I think most men should demonstrate competence in running a house, but not necessarily excellence in housekeeping.

    I don’t think there’s anything wrong with male excellence in housekeeping, so long as there’s also not an undertone of “I pretended I was Cinderella while growing up.” It’s good contrast game, because most women are resigned to men being slobs, especially college-age men. College boys can’t seem to be bothered to make their beds, fold their clothes, wash dishes, or clean up after themselves. It’s depressing to walk into that kind of environment. It’s even more depressing if the men are post-college age.

  9. Joseph Dantes November 23, 2010 at 10:14 pm #

    When I see a single man with a clean house, I know he lacks a certain disorganized brilliance, and that his priorities are flatly distributed when they should be radically selective.

    If you’re willing to divert energy away from your mission to engage in mindless housework above the level of minimal utility, I’ve lost respect for you.

    For one night stands, yeah cleanliness is important, but for relationships activating the pitying mothering instinct works great.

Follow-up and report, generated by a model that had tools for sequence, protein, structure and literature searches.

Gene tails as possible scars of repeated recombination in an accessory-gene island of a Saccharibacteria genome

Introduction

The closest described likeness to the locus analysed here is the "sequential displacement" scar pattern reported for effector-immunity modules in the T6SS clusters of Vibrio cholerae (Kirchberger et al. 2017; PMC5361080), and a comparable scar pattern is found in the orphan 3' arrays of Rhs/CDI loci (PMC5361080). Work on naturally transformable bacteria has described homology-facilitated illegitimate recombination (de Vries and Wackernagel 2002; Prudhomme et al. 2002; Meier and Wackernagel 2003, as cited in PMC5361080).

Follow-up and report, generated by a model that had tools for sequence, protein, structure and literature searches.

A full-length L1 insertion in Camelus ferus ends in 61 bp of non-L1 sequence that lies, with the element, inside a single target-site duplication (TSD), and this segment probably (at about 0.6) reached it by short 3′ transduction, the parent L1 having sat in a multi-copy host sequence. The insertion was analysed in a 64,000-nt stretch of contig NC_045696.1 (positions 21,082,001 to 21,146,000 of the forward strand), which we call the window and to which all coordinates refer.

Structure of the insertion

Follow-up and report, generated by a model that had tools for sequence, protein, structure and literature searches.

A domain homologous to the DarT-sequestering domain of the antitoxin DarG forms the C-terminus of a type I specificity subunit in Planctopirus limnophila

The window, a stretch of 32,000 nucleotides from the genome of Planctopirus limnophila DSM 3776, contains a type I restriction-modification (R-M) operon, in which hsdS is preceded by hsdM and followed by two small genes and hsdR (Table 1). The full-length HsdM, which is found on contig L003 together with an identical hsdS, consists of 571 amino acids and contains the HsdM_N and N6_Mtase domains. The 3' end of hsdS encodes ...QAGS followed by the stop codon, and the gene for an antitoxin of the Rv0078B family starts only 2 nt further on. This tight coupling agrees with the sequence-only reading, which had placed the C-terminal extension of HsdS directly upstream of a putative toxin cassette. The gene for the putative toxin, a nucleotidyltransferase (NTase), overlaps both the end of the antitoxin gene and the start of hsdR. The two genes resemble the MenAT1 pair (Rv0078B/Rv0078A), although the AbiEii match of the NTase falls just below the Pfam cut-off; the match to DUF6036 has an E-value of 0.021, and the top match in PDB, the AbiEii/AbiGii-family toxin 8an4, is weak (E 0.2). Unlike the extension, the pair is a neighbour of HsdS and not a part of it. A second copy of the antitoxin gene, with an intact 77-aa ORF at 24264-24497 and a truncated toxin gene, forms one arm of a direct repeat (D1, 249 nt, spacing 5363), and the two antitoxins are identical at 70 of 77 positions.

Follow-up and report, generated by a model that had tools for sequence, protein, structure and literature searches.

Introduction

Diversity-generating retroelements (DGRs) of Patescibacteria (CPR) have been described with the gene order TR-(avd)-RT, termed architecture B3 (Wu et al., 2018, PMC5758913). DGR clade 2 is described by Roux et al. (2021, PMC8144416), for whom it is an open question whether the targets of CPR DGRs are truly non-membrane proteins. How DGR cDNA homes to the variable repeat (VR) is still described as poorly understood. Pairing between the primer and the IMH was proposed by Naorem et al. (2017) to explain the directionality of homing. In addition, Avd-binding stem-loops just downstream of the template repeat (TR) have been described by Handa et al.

10. Joseph Dantes November 23, 2010 at 10:16 pm #

    Making your bed is perhaps the most pointless activity I’ve ever encountered.

  11. Old Guy November 23, 2010 at 11:02 pm #

    knepper: Nice to see someone use the word “refute” properly.

  12. Dex November 24, 2010 at 1:36 am #

    If you’re doing it to get laid or to generally please her, then that’s a definite DLV. If you’re doing it because that’s how you keep your house, then it’s not.

    Women who are neat and clean themselves see it as conscientiousness just as women who can cook don’t disparage a husband who does as a “kitchen bitch”. It’s the wives/girlfriends who are lucky to make Mac-n-cheese properly who do that.

  13. ASDF November 24, 2010 at 7:25 am #

    I think you need to differentiate between the “disorganized brilliance”, as someone put it, and slovenliness. I have papers EVERYWHERE in my house, and a reasonably well-organized but messy looking piling system for everything from books to laundry, but the bathroom is clean and I don’t let dishes pile up. That’s just gross.